Food Blogs Archives
New food blog added - Heat & Knives
We've added a blog to our Good Eats blog roll - Heat & Knives. Here's a bit about the proprietor:
My name is David Niemann, and I do the cooking here. The food is well-seasoned, but everyone has different tastes, so salt & pepper are allowed on the table.
I’m a line cook working in New York City, currently doing Italian food. In the past I’ve done Mediterranean, French, and Swedish. I was planning to go to culinary school, but since the majority of the people I talked to, including culinary school graduates, basically said it’s not worth it, I decided to save my 10 months and $30,000. Instead of going to school, I’m learning as much as I can on the job, reading books, and cooking at home.
Cooking is easy. Simple. You don’t need school for it. Anyone can do it, you just need to learn the feel.
Chinese Restaurants in America
Chef's Ma Paul Tofu (Wu Liang Ye Restaurant, NYC)
What most Americans know as Chinese food would be more properly termed American Chinese food, a category that includes chop suey and lemon chicken, dishes born in the U.S. Given, as Lee points out, that there are about 40,000 Chinese restaurants in the U.S., "more than the number of McDonald's, Burger Kings, and KFCs combined," Chinese food might be our national cuisine. "Our benchmark for Americanness is apple pie," she writes. "But ask yourself. How often do you eat apple pie? How often do you eat Chinese food?"
Chinese restaurants are ubiquitous, usually taking the form of urban carryout shops and suburban buffets. But how did these restaurants flourish across the American landscape? For the most part they are independently run, so how is it they seem to share similar characteristics, such as gigantic menus filled with egg rolls, garish red sweet and sour sauce, and General Tso's chicken?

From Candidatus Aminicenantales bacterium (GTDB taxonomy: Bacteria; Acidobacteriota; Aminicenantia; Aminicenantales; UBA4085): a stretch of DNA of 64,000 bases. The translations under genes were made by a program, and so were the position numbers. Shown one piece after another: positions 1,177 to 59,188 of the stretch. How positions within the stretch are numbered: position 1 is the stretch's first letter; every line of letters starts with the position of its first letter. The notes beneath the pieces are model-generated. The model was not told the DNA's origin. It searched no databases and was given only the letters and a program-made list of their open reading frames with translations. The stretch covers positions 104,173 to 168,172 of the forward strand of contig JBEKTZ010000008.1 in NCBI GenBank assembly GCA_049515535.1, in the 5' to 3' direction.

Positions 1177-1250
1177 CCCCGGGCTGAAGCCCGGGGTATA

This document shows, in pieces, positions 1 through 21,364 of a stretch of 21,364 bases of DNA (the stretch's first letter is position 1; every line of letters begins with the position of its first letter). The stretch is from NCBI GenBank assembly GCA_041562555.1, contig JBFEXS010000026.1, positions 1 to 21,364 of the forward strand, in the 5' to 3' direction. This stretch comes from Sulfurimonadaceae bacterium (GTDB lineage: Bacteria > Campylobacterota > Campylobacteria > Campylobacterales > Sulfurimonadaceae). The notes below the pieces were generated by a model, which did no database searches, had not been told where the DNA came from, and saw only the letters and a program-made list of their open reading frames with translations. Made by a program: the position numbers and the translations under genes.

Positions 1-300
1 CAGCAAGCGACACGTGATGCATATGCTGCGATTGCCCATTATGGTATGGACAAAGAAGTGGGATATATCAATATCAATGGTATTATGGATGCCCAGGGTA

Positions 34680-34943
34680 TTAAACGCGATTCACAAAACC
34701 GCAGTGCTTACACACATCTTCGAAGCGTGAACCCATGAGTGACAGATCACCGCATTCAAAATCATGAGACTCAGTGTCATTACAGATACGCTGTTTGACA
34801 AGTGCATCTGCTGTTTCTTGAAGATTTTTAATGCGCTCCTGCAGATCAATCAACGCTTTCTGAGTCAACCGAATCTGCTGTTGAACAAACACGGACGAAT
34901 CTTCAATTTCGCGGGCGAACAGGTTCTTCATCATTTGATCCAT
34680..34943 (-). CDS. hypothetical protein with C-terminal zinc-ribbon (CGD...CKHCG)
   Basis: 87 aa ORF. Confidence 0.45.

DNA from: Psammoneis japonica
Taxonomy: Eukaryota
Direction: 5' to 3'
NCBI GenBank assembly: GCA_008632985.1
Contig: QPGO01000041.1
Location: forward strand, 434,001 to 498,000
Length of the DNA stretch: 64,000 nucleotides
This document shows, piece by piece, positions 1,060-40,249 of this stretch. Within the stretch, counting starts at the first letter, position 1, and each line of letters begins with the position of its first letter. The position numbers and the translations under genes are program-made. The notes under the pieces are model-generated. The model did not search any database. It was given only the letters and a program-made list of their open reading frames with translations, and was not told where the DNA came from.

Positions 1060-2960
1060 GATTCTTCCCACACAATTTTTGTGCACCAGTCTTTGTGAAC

Each chapter answers these questions and more, examining soy sauce, the distinctive shape of takeout boxes favored by Chinese restaurants, and fortune cookies, which Lee discovers are Japanese in origin.
"West eats East: A fact-filled look at Chinese food, which just might be America's national cuisine," by Bich Minh Nguyen, ChicagoTribune.com, March 1, 2008
- Author's blog: The Fortune Cookie Chronicles
- Chinese Restaurants on Tyler Cowen's Ethnic Dining Guide
- Chinese Restaurants on A Guy in New York
- "Review: 'The Fortune Cookie Chronicles'," by Heller McAlpin, Special to Newsday, March 2, 2008
- "Solving a Riddle Wrapped in a Mystery Inside a Cookie," by Jennifer 8. Lee, The New York Times, January 16, 2008
"100 Ways to Say Delicious"
Attention aspiring food bloggers, The Kitchen Review posts "100 Ways to Say Delicious" ... but we only see 32 ... congratulations on the 100th post!
Update: now up to One Hundred and Ten Ways to Say Delicious ....
The Amateur Gourmet's 1000th post is "My 1000th Post: How To Start a Food Blog" ... (pssssst, "filters" are also called "editors") ... congratulations on the 1000th post!
Bleg - Comedy FoodBlogs
We're looking for other comedy food blogs ... like ... The Bruni Digest ... and Drones Club ...
Drones Club, written by Cornelius Bear, is a satire of food blogging ... our only complaint is that Mr. Bear doesn't post more often ... some of our favorite posts:
The Bruni Digest, by Jules Langbein (a member of the Weiner Philaharmonic) ... "In which I sit on a dirt mound somewhere in Brooklyn with my ears pricked, waiting for New York Times head restaurant critic Frank Bruni, who I imagine to be a Venetian count in a huge ruffled collar, to dole out stars from the inside breast pocket of his brocaded chamber robe. This blog is predicated on the suggestion that every Wednesday, in the Times Dining Out section, Frank lays a huge faberge egg of hilarity." ... includes many funny photos ... some of our Digest favorites are
If you know of other comedy food blogs, please let us know about them in the comments ... or send us an email aguyinnewyork [at] gmail